I’m 19 years old and in college and today I told my friends point blank that I am Bipolar. II I was diagnosed in 2010 after I drank bleach and went to the hospital. Do you think that it was the right thing to do? Because now I feel as though I’m becoming a bit manic and I’m afraid I may lose my friends.
I wish there were a litmus test that would tell you which friends were “safe” to tell. The problem is that we need to build support networks but, as you know, not everyone can be trusted with that information. I was diagnosed with Bipolar II when I was 18. I was 19 when I told an older cousin and asked her to keep it a secret. She blabbed it to my relatives, and I have a big family. It hurt. But in the long run I was thankful because in some weird way, it made me stronger. When I meet doctors who treat me like crap because they have a bipolar stigma, I’m not surprised—I know stigma exists and I can adjust my lifestyle to that reality. When I think back to what my cousin did, I remember why we need to educate people about this disease and it fuels my work.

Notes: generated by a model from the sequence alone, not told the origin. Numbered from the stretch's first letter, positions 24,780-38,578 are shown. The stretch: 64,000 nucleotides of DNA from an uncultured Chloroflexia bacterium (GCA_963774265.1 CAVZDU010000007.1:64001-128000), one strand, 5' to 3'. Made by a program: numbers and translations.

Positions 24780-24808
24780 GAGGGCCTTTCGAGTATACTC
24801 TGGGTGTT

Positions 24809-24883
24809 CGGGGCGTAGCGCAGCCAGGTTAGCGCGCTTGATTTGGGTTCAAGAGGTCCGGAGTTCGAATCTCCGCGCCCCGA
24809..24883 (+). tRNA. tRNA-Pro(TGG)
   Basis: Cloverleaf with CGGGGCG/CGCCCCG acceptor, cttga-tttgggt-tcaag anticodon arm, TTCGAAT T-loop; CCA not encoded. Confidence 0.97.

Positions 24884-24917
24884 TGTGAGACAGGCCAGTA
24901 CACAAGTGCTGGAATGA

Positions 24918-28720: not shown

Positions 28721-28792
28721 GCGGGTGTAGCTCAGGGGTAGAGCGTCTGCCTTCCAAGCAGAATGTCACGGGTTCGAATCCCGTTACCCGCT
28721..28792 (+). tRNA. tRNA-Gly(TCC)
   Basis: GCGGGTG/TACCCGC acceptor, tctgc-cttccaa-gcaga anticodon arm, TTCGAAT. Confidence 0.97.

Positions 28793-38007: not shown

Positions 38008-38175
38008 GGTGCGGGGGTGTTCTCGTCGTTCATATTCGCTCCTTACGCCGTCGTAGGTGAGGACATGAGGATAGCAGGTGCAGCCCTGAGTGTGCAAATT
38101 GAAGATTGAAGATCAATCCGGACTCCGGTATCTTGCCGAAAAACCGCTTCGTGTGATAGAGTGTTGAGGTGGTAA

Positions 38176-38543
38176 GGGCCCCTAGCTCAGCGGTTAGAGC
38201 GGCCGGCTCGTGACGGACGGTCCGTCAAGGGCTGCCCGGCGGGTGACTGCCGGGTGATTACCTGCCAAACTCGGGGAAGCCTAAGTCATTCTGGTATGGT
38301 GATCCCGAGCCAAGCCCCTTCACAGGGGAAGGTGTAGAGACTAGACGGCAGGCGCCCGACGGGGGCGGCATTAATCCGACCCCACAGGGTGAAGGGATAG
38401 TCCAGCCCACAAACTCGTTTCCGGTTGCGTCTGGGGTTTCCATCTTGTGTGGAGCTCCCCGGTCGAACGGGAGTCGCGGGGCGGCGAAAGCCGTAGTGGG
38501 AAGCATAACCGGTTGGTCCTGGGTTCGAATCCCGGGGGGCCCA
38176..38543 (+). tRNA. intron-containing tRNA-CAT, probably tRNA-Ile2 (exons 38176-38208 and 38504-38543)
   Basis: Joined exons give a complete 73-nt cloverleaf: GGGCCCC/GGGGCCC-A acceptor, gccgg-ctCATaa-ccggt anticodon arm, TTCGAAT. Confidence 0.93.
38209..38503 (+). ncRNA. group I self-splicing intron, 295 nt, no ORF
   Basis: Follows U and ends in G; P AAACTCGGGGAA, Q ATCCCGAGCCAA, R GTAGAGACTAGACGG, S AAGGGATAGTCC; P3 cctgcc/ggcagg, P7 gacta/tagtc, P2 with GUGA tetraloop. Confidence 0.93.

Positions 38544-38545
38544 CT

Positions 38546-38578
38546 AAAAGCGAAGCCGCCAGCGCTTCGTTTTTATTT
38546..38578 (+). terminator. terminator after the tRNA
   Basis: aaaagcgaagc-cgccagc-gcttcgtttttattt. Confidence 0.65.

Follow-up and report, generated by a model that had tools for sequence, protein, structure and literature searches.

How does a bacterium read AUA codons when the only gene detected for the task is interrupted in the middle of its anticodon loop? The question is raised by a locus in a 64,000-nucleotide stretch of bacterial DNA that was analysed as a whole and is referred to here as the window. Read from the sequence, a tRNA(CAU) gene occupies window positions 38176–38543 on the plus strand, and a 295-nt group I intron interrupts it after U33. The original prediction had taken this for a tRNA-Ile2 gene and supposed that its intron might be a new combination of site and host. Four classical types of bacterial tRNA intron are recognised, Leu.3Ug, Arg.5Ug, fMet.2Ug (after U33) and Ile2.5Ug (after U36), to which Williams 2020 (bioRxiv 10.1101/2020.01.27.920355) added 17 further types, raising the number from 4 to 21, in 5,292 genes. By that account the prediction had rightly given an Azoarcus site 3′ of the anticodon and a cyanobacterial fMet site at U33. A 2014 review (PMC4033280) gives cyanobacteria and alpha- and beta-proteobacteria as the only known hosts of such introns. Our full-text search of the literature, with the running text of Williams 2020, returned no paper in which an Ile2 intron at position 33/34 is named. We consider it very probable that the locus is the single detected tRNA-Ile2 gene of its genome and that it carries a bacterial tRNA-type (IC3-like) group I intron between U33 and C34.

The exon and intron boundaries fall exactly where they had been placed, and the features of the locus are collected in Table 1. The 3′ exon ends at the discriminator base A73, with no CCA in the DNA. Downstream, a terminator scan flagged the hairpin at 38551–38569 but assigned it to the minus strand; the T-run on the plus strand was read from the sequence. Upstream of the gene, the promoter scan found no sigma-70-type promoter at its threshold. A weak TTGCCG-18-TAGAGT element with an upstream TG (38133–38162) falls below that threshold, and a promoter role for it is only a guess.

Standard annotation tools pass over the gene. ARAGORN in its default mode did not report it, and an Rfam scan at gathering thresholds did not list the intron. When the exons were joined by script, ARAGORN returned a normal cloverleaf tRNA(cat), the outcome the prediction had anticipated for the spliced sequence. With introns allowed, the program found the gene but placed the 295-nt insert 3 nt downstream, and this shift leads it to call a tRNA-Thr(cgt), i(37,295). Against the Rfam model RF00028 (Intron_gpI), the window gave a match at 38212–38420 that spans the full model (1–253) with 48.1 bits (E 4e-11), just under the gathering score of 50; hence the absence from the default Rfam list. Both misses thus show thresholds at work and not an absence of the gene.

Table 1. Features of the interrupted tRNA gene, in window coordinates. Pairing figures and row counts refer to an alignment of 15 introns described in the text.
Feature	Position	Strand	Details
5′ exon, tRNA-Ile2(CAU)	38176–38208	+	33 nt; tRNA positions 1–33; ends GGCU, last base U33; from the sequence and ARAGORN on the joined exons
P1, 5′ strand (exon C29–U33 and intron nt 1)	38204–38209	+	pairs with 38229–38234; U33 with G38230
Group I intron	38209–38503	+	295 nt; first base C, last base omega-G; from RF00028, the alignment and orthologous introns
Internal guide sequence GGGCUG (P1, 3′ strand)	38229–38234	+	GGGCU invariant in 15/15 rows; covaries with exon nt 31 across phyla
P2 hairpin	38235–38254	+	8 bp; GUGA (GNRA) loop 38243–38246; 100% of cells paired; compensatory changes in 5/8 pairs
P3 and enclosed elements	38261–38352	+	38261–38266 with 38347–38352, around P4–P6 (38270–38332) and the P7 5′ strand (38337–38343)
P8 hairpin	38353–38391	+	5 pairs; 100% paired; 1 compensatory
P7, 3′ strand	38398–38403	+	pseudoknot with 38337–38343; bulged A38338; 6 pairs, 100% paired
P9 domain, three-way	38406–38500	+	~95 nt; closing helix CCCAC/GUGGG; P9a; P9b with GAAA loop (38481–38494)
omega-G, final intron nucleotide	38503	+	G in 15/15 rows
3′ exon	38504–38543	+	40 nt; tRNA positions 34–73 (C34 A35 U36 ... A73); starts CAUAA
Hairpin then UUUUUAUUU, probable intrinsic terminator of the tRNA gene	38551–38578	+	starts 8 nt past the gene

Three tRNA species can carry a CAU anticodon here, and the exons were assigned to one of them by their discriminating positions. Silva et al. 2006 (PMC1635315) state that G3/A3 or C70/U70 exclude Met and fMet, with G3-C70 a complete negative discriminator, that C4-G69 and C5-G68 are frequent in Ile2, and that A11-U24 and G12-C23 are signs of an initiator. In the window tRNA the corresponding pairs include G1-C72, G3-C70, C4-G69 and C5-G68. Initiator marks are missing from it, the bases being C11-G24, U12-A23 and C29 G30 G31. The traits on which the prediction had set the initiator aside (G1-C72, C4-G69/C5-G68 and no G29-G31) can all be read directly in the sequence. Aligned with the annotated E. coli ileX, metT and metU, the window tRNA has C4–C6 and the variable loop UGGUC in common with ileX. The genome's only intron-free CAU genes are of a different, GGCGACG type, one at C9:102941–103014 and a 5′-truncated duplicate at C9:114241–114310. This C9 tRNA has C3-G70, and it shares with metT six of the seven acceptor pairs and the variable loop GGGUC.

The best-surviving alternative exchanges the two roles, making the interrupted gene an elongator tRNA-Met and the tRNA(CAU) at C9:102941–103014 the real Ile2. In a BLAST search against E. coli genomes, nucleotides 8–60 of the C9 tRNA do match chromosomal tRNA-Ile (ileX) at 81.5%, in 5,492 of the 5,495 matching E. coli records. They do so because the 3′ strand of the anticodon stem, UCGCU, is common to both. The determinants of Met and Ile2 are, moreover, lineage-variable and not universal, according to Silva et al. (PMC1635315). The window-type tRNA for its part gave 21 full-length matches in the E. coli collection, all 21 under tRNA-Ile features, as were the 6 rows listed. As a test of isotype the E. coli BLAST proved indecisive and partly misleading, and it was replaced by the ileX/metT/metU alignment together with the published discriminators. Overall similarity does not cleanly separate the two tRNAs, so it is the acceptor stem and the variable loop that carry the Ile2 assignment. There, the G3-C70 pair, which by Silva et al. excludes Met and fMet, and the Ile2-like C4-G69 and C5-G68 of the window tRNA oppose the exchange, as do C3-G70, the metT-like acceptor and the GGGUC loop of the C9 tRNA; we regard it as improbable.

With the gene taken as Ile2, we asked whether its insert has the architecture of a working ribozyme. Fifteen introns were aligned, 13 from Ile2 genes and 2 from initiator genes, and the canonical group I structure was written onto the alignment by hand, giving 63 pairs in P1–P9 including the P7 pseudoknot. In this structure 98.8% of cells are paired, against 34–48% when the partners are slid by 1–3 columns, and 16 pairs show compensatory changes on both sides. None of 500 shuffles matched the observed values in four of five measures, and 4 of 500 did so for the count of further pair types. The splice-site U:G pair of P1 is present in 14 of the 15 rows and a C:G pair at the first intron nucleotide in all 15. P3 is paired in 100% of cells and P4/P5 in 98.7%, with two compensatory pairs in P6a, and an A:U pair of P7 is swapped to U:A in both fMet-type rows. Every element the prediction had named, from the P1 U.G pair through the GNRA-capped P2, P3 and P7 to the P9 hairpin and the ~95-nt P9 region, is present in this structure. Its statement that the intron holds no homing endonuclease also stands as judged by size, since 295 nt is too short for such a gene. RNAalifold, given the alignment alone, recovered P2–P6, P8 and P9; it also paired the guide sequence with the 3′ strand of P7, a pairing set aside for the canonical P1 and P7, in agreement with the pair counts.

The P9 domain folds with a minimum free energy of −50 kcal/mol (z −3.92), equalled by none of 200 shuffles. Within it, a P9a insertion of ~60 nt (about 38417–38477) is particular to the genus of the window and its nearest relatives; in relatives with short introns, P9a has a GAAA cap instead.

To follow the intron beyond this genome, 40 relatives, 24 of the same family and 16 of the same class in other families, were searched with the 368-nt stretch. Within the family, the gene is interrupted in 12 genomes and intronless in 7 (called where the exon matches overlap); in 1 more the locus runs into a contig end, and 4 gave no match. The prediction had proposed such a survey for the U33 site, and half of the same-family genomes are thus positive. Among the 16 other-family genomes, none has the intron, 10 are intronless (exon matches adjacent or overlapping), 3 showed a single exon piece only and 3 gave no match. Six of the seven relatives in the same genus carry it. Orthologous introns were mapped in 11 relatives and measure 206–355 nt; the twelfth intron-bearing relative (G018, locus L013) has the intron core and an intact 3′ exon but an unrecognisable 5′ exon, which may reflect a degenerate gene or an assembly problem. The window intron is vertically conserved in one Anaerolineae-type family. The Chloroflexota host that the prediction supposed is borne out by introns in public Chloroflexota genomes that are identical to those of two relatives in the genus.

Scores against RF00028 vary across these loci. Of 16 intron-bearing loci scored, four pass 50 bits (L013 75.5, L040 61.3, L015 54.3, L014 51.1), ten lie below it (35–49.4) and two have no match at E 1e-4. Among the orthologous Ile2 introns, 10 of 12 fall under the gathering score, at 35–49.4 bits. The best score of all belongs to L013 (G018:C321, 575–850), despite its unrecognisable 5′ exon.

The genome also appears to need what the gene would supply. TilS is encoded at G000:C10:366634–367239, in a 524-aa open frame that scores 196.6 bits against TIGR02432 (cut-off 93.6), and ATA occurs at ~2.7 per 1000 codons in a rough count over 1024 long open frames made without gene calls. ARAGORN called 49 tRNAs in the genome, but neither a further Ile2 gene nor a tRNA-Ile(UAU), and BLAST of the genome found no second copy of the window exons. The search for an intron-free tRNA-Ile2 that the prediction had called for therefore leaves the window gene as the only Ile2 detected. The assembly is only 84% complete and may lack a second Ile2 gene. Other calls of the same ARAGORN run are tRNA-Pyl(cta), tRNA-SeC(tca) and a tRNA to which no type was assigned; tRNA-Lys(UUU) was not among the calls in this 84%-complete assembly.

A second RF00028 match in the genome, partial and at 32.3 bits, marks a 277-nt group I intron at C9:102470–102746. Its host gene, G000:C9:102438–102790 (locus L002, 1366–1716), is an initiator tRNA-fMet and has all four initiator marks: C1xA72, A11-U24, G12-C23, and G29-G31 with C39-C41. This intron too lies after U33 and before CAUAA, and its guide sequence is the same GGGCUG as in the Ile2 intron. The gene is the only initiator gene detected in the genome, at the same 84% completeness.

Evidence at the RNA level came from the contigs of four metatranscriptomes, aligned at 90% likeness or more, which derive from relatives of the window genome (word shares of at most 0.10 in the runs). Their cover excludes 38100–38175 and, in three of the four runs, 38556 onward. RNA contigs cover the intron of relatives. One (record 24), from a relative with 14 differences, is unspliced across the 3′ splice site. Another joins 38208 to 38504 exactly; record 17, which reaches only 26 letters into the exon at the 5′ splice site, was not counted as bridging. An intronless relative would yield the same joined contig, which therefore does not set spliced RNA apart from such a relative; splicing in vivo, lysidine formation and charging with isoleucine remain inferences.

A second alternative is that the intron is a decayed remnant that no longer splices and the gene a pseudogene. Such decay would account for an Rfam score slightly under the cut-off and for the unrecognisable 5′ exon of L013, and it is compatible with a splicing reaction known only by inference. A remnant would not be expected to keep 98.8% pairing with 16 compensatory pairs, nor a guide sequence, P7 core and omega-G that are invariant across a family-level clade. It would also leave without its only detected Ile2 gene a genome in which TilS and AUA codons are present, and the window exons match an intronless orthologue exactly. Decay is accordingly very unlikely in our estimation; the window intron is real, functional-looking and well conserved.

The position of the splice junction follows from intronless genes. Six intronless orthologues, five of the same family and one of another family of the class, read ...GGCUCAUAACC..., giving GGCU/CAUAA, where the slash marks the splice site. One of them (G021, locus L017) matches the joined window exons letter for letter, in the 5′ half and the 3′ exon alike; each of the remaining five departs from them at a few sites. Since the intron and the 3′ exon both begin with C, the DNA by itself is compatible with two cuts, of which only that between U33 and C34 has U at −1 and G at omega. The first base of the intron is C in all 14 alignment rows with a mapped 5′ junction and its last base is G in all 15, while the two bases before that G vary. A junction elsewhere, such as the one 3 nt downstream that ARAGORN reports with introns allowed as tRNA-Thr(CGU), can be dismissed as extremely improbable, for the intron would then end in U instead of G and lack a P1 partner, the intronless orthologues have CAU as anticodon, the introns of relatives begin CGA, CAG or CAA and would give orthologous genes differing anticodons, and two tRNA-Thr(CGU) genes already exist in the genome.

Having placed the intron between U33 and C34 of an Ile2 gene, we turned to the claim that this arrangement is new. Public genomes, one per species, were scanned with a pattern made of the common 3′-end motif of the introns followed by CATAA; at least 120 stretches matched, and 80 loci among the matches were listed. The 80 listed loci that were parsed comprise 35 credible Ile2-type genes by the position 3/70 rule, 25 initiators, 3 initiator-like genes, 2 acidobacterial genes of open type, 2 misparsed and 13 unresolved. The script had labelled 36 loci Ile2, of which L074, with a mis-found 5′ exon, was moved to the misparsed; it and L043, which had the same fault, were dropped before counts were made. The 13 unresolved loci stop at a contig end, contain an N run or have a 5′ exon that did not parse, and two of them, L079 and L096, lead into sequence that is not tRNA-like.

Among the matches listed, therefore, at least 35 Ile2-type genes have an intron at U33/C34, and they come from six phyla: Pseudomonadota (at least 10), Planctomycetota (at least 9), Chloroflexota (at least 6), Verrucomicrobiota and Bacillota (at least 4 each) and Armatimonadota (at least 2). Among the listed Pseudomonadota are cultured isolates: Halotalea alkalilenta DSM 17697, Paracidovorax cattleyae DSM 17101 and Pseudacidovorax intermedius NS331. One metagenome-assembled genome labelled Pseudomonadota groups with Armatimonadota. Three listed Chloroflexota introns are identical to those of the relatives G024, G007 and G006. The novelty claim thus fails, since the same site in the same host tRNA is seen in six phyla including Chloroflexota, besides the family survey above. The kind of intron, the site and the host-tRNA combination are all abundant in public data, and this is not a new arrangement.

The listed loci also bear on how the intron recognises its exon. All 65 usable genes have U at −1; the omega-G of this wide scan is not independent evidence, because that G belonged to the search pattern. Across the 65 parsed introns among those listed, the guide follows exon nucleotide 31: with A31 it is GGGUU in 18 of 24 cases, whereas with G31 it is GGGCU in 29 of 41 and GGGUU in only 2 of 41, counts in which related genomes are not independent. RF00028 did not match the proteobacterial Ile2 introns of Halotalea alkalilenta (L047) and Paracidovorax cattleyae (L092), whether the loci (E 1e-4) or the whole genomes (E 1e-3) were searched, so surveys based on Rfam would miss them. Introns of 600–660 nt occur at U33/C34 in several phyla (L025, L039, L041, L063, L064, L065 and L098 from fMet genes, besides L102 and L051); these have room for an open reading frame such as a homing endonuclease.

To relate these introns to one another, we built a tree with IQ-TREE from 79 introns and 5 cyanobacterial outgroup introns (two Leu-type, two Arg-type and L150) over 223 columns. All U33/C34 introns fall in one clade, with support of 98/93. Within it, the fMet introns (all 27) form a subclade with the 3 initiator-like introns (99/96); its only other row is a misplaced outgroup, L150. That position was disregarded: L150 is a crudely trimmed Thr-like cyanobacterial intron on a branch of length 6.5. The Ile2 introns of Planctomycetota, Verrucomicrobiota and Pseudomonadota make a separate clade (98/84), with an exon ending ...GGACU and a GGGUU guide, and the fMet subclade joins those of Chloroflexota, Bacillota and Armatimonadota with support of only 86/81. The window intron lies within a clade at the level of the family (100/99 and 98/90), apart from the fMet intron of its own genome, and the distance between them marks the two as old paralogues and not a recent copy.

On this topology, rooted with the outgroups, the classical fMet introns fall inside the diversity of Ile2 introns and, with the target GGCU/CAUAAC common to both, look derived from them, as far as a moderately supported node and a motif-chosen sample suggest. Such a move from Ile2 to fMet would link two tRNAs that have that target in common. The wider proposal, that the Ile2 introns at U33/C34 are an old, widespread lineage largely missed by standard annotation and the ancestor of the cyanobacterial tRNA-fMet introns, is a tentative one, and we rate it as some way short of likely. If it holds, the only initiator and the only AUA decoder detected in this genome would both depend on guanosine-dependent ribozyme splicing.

I have a friend with bipolar who lost a few friends after her first manic episode; I myself lost a few friends after getting Myasthenia Gravis, an autoimmune illness that is not stigmatized. The point is: If people leave you, some of them would have left you regardless of whether it was bipolar disorder or some other less controversial problem because they are not true friends. If a friend betrays your trust after you’ve told them, you should stop sharing your life with that friend. On the flip side, for every person who surprises you by treating you badly, you will find someone who surprises you with empathy and compassion—someone you can rely on during bipolar episodes.